Vol. 10


The Siren Sounds

January 1991; Haifa, Israel

War is a hard thing for a fourteen-year-old girl to go through, and my mom experienced it head-on.*

“Look, today we got to decorate our boxes,” my mom, Shanit, called. She held up the shiny metal box, which contained her gas mask. Her parents and her three sisters turned away from the television.

“Go put it in the room,” answered her mother. Shanit dropped the box near her parents’ bed in the middle of the main bedroom. The room was dark because of the taped windows. All the windows had to be taped because the Iraqis were firing chemical bombs into Israel. Shanit didn’t enjoy not being able to see the world but seeing only the black tape that covered the windows. It was for their safety. Luckily the bombs were fired only toward Tel-Aviv and not toward Haifa.

Shanit came back and sat next to her older sister, Idit. They watched the news quietly on the couch. My mom was only fourteen at the time, second oldest of the four sisters. There was Idit, the oldest, who was seventeen. Then there was Shanit. Then Viki, who was twelve, and youngest was Shiran, who was only seven years old at the time. They sat in silence.

Then Woooooooooooo! Wooooooooooo!

My grandfather sprang up from the couch. “Get in the room!” he yelled. My mom quickly got up and ran to her parents’ bedroom, along with her mother and her three sisters. Not far behind followed my grandpa with a bucket of water, tape, Shiran’s gas suit, and the EpiPen.** He dropped the stuff in the room. My mom and her sisters strapped on their gas masks. My grandmother helped Shiran get into her uncomfortable gas suit. My grandfather placed a wet towel in the crack under the door and taped the sides.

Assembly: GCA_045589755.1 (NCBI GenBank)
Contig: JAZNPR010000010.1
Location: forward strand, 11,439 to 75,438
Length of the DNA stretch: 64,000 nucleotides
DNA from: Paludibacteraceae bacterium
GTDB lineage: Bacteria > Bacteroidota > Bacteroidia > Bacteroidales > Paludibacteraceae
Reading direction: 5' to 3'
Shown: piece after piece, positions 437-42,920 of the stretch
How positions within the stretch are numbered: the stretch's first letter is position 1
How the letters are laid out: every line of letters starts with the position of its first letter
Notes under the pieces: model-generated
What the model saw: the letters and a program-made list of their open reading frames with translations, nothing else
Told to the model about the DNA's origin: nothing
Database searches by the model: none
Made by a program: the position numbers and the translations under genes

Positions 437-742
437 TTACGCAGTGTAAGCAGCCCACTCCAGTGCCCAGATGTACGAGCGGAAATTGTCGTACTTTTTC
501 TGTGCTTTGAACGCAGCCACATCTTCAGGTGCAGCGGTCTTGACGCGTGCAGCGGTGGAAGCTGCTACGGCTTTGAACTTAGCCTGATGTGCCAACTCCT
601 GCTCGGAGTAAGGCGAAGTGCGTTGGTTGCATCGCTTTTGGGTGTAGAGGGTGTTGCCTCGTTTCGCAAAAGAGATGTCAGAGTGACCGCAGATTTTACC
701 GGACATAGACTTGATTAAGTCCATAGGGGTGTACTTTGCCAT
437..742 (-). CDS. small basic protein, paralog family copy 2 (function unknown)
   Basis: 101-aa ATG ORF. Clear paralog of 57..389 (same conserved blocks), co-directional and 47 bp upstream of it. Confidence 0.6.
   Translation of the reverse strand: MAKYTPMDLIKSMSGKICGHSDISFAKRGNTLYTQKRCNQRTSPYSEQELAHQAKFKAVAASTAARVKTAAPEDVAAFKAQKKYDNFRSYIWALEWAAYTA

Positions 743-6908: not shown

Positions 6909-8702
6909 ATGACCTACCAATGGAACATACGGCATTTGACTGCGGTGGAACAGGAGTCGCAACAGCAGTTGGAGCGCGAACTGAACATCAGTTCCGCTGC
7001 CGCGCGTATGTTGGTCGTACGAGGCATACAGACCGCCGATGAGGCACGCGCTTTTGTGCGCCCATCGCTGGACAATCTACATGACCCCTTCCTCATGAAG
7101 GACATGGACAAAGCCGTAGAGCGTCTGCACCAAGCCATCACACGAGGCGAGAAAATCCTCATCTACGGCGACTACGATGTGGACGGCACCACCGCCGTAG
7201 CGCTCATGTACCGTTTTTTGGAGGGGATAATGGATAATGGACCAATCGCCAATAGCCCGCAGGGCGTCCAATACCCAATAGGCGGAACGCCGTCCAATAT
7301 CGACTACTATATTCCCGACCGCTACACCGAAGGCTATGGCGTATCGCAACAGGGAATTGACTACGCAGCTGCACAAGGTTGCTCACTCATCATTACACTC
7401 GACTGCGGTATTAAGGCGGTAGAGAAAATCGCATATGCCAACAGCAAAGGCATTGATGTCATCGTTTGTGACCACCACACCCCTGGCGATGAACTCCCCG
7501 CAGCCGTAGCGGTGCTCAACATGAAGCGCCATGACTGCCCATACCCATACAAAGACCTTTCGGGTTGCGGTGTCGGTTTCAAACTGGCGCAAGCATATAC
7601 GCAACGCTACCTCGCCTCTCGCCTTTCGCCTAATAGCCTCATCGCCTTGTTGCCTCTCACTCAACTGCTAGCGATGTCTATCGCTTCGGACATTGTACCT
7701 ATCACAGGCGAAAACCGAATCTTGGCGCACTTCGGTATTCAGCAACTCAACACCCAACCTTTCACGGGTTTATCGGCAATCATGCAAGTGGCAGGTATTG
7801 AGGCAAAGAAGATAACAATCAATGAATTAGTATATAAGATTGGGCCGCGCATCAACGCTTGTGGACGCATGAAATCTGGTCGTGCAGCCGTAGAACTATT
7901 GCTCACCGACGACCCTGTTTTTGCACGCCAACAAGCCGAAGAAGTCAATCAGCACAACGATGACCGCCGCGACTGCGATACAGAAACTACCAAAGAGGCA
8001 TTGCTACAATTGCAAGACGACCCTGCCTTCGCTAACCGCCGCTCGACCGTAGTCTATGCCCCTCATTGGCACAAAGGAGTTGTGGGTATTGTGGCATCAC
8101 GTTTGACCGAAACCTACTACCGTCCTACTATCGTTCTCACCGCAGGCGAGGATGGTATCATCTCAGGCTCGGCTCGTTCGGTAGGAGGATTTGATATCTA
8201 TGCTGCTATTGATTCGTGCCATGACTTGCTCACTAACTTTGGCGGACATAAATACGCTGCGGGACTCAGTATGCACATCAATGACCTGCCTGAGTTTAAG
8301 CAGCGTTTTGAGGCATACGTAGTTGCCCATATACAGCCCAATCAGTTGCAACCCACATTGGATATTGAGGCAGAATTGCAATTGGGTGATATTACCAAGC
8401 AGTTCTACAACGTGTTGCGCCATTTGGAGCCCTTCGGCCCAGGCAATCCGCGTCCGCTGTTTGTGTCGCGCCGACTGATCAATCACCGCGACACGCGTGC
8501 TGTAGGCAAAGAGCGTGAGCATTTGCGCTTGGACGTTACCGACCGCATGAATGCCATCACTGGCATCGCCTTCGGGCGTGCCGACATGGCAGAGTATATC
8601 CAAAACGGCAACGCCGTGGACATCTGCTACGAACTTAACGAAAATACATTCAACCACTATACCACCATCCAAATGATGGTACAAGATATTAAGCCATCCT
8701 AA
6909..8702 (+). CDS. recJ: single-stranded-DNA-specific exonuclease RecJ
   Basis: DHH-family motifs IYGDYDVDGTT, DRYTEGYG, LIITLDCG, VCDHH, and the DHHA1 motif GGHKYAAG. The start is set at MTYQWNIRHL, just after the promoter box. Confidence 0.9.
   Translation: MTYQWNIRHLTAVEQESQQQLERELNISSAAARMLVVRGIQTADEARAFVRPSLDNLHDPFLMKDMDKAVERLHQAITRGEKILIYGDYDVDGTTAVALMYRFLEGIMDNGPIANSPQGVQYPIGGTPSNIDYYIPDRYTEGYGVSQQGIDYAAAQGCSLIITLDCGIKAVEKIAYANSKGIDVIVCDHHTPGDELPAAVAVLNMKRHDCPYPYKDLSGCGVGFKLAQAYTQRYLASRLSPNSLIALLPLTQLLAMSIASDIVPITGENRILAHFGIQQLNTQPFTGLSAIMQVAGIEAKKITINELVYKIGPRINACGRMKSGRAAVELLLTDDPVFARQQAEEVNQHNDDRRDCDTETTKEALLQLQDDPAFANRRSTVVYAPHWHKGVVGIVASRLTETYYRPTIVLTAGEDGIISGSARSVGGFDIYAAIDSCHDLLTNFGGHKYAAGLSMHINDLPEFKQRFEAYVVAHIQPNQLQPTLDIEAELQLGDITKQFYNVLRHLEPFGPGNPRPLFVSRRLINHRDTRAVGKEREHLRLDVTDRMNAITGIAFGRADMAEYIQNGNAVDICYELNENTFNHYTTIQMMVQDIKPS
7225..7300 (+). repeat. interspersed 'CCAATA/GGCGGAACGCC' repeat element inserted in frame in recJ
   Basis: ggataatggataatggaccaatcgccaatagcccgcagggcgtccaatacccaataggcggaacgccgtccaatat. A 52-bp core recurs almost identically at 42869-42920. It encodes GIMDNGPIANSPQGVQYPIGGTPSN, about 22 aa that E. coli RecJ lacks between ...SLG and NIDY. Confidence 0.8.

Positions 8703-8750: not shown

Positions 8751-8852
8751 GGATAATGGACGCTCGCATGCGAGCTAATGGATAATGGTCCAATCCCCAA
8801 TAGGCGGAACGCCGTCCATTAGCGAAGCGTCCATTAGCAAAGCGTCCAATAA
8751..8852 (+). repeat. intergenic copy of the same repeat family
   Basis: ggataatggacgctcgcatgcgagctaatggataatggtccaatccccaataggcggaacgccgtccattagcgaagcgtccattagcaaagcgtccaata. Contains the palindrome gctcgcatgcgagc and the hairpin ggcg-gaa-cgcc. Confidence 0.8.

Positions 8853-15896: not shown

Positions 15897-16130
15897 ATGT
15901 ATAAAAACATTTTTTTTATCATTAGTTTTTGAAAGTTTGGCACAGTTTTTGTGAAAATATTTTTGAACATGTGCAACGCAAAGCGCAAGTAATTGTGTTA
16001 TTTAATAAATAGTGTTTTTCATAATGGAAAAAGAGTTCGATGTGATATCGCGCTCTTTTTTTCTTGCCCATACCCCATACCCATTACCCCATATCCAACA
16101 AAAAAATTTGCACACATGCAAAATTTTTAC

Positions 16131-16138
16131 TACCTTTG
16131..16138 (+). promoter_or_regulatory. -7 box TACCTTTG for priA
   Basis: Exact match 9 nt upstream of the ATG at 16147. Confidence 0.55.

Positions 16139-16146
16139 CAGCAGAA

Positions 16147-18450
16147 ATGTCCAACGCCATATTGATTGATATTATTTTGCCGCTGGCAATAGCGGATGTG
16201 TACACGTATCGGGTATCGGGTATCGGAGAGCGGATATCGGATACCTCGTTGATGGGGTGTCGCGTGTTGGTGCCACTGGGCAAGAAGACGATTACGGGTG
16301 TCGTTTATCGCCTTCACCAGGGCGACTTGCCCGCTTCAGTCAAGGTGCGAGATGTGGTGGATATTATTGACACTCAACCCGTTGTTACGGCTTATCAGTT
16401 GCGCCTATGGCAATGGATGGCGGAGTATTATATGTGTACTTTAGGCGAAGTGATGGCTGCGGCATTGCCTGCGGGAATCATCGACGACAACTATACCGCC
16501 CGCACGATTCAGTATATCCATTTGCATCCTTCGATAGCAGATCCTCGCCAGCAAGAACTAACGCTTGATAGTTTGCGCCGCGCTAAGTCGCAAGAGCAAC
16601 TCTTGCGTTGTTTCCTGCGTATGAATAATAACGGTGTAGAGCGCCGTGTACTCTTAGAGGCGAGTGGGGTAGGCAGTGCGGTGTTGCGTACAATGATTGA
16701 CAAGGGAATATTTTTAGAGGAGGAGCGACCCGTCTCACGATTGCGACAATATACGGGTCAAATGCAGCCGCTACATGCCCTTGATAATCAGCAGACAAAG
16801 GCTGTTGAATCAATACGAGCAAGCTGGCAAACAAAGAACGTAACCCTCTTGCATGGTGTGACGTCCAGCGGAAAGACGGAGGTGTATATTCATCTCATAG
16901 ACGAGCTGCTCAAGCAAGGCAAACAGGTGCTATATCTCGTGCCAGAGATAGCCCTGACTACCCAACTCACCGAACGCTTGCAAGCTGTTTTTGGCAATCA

“Does everyone have their mask on?” asked my grandfather. The children nodded. My mom was shoulder to shoulder with two of her sisters, Idit and Viki. It was very hard to breathe in those gas masks. It took a little getting used to. The family listened to the radio and waited until they could leave the room.

To entertain herself, my mom drew pictures. She always loved drawing. That was her favorite activity.

After the family had waited a long time, the building started to shake. They heard a loud rumbling noise. At that time Patriot missiles were being fired to intercept the chemical bombs.

The building shook as the Patriot missiles flew right over the building. This was even scarier than the siren. After another half hour of fear, the radio announced that it was safe to leave the room.

This was the first time the siren sounded in Haifa — and the first time my mom’s family thought they were in danger.

Daniel Oesterle; Colorado, USA


* This story took place during the Gulf War.

** An EpiPen can immediately provide medicine to treat a severe allergic reaction.


This copyrighted story may be copied for limited classroom use or reprinted in an article about The Grannie Annie.


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